Good morning. Most of the area remained dry on Tuesday, but there were some sneaky strong showers and thunderstorms in the Clear Lake area that dropped as much as 2-3 inches of rain over a few locations during the afternoon—a good reminder of August’s potential to produce a lot of rainfall quickly in Houston. We’ll fall into a moderately more wet pattern before the weekend dries out. This post will also looks into the tropics, which continue to remain active.
High-resolution models show scattered, but fairly strong showers and thunderstorms developing over parts of the metro area this afternoon and evening. I think the pattern will be similar to that on Tuesday, where a few areas see quite a bit of rain, but most of the region sees a tenth of an inch or less. The day will otherwise be partly sunny, with highs in the mid-90s.
Thursday and Friday
The pattern will be more or less the same to end the work week, with a dissipating cool front providing an impetus for scattered showers and thunderstorms. Rain chances will be about 40 percent each day. The front won’t have much effect on temperatures, with highs generally in the mid-90s, although lows may fall a few degrees into the upper 70s. So it goes in August.
Labor Day Weekend
The weekend looks hot, sunny, with only slight rain chances. We can probably expect daily highs in the mid- to upper-90s, and lows in the upper 70s. Not entirely going to rule out rain chances, but at this point high pressure looks to push them down into the 10 to 20 percent range.
Next week and the tropics
Our weather next week will depend upon how things evolve in the Gulf of Mexico. There are two primary factors to consider—Tropical Storm Dorian and a second area of showers and thunderstorms. First of all, here’s the forecast track for Dorian.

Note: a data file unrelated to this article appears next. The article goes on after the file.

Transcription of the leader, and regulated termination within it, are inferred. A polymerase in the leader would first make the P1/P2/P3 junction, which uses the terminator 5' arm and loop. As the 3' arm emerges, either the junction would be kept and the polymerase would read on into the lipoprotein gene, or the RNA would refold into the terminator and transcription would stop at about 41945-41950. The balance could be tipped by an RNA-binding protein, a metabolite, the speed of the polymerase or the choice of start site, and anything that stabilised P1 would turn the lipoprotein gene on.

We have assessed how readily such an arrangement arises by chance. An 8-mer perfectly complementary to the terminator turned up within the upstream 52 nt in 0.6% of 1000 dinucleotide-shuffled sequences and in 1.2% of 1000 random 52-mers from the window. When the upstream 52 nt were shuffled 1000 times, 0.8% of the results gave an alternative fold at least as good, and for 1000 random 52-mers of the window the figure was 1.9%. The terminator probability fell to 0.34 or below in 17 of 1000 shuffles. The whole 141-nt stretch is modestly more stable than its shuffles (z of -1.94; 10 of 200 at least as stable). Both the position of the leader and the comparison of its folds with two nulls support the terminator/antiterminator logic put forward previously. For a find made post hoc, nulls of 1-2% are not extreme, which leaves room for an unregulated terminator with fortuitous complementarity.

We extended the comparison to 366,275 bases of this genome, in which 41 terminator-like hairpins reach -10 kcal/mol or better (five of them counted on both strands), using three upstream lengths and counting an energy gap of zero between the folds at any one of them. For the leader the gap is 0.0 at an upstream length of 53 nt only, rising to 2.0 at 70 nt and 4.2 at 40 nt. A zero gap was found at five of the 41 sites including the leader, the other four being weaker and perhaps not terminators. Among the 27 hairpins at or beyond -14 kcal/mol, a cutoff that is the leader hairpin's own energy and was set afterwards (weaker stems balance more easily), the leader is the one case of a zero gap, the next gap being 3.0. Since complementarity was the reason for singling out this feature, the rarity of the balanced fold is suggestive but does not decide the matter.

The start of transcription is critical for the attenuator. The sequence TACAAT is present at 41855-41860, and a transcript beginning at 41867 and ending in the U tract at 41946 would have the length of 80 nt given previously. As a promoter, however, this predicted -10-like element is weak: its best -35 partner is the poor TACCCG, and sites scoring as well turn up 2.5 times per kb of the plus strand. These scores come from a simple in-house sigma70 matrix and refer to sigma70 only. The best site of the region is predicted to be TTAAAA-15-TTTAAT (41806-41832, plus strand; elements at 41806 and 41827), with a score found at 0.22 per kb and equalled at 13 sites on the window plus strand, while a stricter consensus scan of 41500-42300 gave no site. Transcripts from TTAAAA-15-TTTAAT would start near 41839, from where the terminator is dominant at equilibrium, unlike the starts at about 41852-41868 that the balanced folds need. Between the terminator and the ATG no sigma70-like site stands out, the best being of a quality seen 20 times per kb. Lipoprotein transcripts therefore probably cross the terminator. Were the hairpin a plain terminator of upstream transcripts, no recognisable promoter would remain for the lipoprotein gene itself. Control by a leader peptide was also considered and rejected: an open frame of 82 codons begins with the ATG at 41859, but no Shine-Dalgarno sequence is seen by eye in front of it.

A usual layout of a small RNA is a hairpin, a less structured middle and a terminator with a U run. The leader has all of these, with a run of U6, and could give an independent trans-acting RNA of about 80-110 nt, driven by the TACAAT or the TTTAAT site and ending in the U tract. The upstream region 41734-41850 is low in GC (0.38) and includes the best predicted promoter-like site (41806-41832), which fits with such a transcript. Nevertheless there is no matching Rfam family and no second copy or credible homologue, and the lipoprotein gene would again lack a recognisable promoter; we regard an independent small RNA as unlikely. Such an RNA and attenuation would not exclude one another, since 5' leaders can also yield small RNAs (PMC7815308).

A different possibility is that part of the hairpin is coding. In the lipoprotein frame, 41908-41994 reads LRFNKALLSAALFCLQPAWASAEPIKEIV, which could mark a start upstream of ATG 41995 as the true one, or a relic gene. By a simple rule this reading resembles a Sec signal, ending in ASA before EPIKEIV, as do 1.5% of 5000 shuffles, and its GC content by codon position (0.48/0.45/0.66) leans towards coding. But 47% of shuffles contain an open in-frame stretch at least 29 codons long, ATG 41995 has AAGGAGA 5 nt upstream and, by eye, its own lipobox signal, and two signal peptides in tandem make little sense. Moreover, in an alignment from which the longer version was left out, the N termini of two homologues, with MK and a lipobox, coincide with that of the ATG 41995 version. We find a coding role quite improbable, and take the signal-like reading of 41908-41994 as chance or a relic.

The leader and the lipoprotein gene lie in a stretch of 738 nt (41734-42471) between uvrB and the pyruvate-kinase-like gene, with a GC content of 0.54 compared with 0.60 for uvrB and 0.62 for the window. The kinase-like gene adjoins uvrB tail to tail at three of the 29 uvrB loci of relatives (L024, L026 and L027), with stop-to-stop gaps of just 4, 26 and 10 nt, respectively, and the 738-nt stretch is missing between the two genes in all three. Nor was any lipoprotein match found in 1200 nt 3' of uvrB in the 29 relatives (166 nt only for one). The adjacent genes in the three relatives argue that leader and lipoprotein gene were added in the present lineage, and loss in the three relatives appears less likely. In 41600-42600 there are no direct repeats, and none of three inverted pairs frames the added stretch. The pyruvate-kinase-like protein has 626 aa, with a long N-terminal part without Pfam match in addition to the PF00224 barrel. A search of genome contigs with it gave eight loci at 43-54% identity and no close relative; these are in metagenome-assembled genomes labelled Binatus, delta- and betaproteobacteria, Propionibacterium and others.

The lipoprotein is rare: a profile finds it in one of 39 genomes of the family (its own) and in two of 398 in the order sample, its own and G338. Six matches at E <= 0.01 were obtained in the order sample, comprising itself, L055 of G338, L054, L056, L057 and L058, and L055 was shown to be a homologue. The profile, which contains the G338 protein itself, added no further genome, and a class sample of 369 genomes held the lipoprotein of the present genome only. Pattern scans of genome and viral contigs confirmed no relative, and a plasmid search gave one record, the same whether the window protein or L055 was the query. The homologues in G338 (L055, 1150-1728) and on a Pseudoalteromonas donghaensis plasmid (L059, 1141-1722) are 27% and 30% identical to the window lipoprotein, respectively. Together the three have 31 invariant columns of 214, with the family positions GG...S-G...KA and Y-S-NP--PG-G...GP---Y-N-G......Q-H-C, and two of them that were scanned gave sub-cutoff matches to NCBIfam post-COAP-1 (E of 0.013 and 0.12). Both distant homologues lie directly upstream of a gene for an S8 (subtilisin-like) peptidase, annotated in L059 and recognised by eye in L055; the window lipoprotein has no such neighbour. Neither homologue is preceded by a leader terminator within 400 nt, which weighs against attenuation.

Most of the computer model guidance now shows a hurricane coming ashore somewhere in Florida between the state’s central and northern Atlantic coast. Because Dorian will miss Hispaniola, glance Puerto Rico, and have at least three days over the warm, open waters near the Bahamas, it is likely Dorian will have time to strengthen into a hurricane before landfall. Residents from Melbourne to Jacksonville should be watching the storm very carefully. After reaching Florida, Dorian may move briefly into the northeastern Gulf of Mexico, but then it should turn quickly north into Georgia or Mississippi.
There is another feature worth watching that may have more impact on Texas’ weather next week. An area of storms now north of Hispaniola should exit west before the arrival of Dorian, and move into the central Gulf of Mexico next week. Models are not bullish right now about this system developing into a tropical storm, but it could be rainmaker in about a week. It probably gets pushed due west, into Mexico, but we’ll have to watch for its potential to bring a surge of tropical moisture into Texas, as well as the Houston area.